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1. Overview

InfluxDB is a high-performance store for time-series data. It supports insertion and real-time querying of data via a SQL-like query language.

In this introductory article, we’ll demonstrate how to connect to an InfluxDb server, create a database, write time-series information, and then query the database.

2. Setup

To connect to the database, we’ll need to add an entry to our pom.xml file:

<dependency>
    <groupId>org.influxdb</groupId>
    <artifactId>influxdb-java</artifactId>
    <version>2.8</version>
</dependency>

The latest version of this dependency can be found on Maven Central.

We’ll also need an InfluxDB instance. Instructions for downloading and installing a database can be found on the InfluxData website.

3. Connecting to a Server

3.1. Creating a Connection

Creating a database connection requires passing a URL String and user credentials to a connection factory:

InfluxDB influxDB = InfluxDBFactory.connect(databaseURL, userName, password);

3.2. Verifying the Connection

Communications with the database are performed over a RESTful API, so they aren’t persistent.

The API offers a dedicated “ping” service to confirm that the connection is functional. If the connection is good, the response contains a database version. If not, it contains “unknown”.

So after creating a connection, we can verify it by doing:

Pong response = this.influxDB.ping();
if (response.getVersion().equalsIgnoreCase("unknown")) {
    log.error("Error pinging server.");
    return;
} 

3.3. Creating a Database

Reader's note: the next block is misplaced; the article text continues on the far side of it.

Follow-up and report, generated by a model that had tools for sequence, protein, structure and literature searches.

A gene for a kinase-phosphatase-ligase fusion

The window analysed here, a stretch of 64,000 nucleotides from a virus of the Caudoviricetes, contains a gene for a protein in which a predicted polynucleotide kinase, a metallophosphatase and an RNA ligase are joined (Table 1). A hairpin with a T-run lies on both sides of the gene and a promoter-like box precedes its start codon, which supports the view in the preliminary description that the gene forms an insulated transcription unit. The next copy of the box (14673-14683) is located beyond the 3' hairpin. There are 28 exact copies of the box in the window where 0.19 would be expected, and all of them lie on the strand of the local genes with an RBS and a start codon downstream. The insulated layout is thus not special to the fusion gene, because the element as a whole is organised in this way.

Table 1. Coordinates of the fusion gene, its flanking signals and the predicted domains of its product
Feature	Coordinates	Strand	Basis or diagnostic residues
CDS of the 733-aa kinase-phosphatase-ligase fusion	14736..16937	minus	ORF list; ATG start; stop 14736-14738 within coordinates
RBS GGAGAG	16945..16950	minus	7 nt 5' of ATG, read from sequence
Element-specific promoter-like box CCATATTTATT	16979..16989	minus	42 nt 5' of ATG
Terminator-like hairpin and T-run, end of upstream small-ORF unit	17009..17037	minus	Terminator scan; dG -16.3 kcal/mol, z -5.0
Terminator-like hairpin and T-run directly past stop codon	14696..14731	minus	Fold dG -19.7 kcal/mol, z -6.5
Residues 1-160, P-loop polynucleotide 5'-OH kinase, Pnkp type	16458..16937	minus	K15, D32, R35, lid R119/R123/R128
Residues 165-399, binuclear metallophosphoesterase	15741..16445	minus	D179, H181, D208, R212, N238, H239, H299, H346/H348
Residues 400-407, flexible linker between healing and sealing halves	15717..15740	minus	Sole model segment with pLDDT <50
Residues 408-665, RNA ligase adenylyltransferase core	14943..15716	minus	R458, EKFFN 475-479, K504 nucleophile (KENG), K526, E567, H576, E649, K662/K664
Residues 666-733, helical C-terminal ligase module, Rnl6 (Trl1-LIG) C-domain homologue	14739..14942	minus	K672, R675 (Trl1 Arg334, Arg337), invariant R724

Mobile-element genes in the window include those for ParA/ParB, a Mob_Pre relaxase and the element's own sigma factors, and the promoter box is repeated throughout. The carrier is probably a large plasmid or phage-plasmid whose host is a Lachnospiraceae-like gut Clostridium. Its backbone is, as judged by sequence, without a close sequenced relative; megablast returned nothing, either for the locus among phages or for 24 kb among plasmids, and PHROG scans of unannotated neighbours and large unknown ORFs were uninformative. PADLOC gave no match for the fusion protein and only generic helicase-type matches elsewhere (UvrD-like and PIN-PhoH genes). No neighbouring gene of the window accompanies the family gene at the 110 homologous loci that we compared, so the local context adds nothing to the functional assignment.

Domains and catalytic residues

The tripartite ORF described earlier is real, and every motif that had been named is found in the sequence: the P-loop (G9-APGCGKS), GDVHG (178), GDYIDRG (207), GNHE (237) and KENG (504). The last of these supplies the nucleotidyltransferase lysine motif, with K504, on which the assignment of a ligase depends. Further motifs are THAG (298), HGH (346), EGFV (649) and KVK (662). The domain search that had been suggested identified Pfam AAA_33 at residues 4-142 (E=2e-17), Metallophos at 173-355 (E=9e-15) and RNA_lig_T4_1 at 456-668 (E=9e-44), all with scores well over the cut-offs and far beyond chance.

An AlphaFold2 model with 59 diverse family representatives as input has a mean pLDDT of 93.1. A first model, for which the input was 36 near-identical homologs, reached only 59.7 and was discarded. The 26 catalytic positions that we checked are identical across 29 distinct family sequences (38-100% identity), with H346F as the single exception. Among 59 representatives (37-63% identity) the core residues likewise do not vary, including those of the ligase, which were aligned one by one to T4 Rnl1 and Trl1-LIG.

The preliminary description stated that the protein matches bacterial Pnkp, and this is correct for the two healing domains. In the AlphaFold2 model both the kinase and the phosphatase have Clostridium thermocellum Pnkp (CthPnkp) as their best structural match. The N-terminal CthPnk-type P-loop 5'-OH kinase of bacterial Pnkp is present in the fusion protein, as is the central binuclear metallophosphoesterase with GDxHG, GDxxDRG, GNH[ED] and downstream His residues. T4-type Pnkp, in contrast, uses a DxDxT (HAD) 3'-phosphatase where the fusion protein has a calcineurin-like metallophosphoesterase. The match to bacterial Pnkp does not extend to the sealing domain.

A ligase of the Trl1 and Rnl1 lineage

Creating an InfluxDB database is similar to creating a database on most platforms. But we need to create at least one retention policy before using it.

A retention policy tells the database how long a piece of data should be stored. Time series, such as CPU or memory statistics, tend to accumulate in large datasets.

A typical strategy for controlling the size of time series databases is downsampling. “Raw” data is stored at a high rate, summarized, and then removed after a short time.

Retention policies simplify this by associating a piece of data with an expiration time. InfluxData has an in-depth explanation on their site.

After creating the database, we’ll add a single policy named defaultPolicy. It will simply retain data for 30 days:

influxDB.createDatabase("baeldung");
influxDB.createRetentionPolicy(
  "defaultPolicy", "baeldung", "30d", 1, true);

To create a retention policy, we’ll need a name, the database, an interval, a replication factor (which should be 1 for a single-instance database), and a boolean indicating it’s a default policy.

3.4. Setting a Logging Level

Internally, InfluxDB API uses Retrofit and exposes an interface to Retrofit’s logging facility, via a logging interceptor.

So, we can set the logging level using:

influxDB.setLogLevel(InfluxDB.LogLevel.BASIC);

And now we can see messages when we open a connection and ping it:

Dec 20, 2017 5:38:10 PM okhttp3.internal.platform.Platform log
INFO: --> GET http://127.0.0.1:8086/ping

The available levels are BASIC, FULL, HEADERS, and NONE.

4. Adding and Retrieving Data

4.1. Points

So now we’re ready to start inserting and retrieving data.

The basic unit of information in InfluxDB is a Point, which is essentially a timestamp and a key-value map.

Let’s have a look at a point holding memory utilization data:

Point point = Point.measurement("memory")
  .time(System.currentTimeMillis(), TimeUnit.MILLISECONDS)
  .addField("name", "server1")
  .addField("free", 4743656L)
  .addField("used", 1015096L)
  .addField("buffer", 1010467L)
  .build();

We’ve created an entry that contains three Longs as memory statistics, a hostname, and a timestamp.

Let’s see how to add this to the database.

4.2. Writing Batches

Time series data tends to consist of many small points, and writing those records one at a time would be very inefficient. The preferred method is to collect records into batches.

The InfluxDB API provides a BatchPoint object:

BatchPoints batchPoints = BatchPoints
  .database(dbName)
  .retentionPolicy("defaultPolicy")
  .build();

Point point1 = Point.measurement("memory")
  .time(System.currentTimeMillis(), TimeUnit.MILLISECONDS)
  .addField("name", "server1") 
  .addField("free", 4743656L)
  .addField("used", 1015096L)